As part of a review of the Mobile Libraries web site, we wanted to ensure that the users of the service were receiving the right information in the best format available from the site: http://www3.hants.gov.uk/library/library-servicesforyou/mobile-libraries.htm
As we have no immediate experience of what other men feel, we can form no idea of the manner in which they are affected, but by conceiving what we ourselves should feel in the like situation.
~ Adam Smith
What better way to find out than to meet the users?! The Mobile Libraries team kindly organised a day for me to shadow one of their drivers on a route around the New Forest – taking in a variety of settings from rural villages to seaside car parks.
- How did you know today’s service was running?
- How would you know if the service was not running today?
- What is the best way for you to receive notification of changes to the service?
- Do you know Mobile Libraries has a web page?
- What kind of information would be helpful to you on the web site?
- Would you be interested in helping us with the prototype?
I prepared a set of interview questions but decided to take an informal approach as I did not know who I would be meeting on the day and whether or not the questions would be relevant or even sensible!
The interview varied depending on the participant – this was a practical step as the majority of the people I spoke to were elderly and some did not understand the term “web page”. I asked the participant if they had a computer or used the internet. If the response was “no” then I would ask Q1-3 only.
Summary of Responses
Sample size (24 participants)
Q1 – How did you know today’s service was running?
All responses were the same – they were regular service users and had a printout of the scheduled stops from the driver. No one had downloaded the PDF from the web page
Q2 – How would you know if the service was not running today?
Most responses were the same “if the bus wasn’t here then I guess he wouldn’t be coming today”. Some respondents said they would call (assume they meant HantsDirect) to see if the bus had broken down. Some of the respondents told me they used to get a phone call if the driver wasn’t coming but that had stopped due to funding cuts. One respondent said that the local shop was called and they passed on the message. Those comments suggest that there was good communications between the users and the service.
Please note: Mobile libraries do not charge fines for late books. This may explain why most of the respondents were not upset if they missed the bus. They would return their books on the next scheduled date.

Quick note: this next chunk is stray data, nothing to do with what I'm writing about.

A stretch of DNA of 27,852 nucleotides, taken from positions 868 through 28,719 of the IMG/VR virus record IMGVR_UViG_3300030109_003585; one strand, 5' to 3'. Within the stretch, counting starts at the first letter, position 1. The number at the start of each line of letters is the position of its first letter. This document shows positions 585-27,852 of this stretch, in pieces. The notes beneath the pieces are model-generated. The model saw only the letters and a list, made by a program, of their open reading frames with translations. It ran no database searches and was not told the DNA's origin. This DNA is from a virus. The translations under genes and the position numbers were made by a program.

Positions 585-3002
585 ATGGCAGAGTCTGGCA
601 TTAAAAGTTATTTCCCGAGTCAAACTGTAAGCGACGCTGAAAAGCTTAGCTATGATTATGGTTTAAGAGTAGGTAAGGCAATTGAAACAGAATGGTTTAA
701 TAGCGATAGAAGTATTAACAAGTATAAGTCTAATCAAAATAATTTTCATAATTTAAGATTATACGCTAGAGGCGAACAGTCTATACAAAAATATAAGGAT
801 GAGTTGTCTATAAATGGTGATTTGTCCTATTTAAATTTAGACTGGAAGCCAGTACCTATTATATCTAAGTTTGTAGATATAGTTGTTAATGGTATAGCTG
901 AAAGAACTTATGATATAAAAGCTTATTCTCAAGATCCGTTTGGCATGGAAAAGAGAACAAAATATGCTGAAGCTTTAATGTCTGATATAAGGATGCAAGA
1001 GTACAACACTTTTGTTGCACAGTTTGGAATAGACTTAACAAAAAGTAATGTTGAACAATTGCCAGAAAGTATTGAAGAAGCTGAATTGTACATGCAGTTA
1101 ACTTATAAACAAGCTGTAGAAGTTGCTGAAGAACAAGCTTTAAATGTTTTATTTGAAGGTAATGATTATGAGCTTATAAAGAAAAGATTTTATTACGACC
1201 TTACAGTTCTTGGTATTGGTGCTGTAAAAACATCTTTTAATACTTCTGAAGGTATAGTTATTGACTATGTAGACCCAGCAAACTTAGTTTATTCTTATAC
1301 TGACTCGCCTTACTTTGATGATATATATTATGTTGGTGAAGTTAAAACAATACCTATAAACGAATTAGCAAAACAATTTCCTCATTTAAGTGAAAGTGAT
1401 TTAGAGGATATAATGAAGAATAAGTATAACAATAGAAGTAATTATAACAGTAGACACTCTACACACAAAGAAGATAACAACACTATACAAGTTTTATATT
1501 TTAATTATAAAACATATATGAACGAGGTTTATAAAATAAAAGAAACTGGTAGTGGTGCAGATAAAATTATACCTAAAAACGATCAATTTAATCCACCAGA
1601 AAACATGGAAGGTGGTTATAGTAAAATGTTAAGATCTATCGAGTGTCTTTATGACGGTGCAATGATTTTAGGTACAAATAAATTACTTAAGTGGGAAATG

Q3 – What is the best way for you to receive notification of changes to the service?
Three respondents said they would like to receive an email. One respondent said they would check the web page.
Q4 – Do you know Mobile Libraries has a web page?
One respondent said they have seen the web page. Another user said they couldn’t find it when they went on the Libraries web site.
Q5 – What kind of information would be helpful to you on the web site?
All respondents who answered this question gave a similar response: their main concern was keeping the service running and knowing the scheduled date and times of the stops.
One respondent suggested pictures of the stop might be useful, as well as a map.
Q6 – Would you be interested in helping us with the prototype?
One respondent (employed as a Graphic Designer) expressed interest in reviewing the prototype and gave me her email address.
The respondents were return users who had been using the service for many years. Most had no interest in the webpage. One respondent suggested that only new users would be interested in the web page if they wanted to locate their nearest stop. “Word of Mouth” appeared to be a useful communication medium at the rural stops. It was important to get the name of the stop correct – might be known as a different name by the local population.
Meeting the users of the service was an invaluable experience and confirmed what we suspected – keep it simple! Human interaction was the most important communication medium. Use of the web site was secondary and would be used as a backup, therefore it was important to keep the amount of information to a minimum. No bells and whistles required!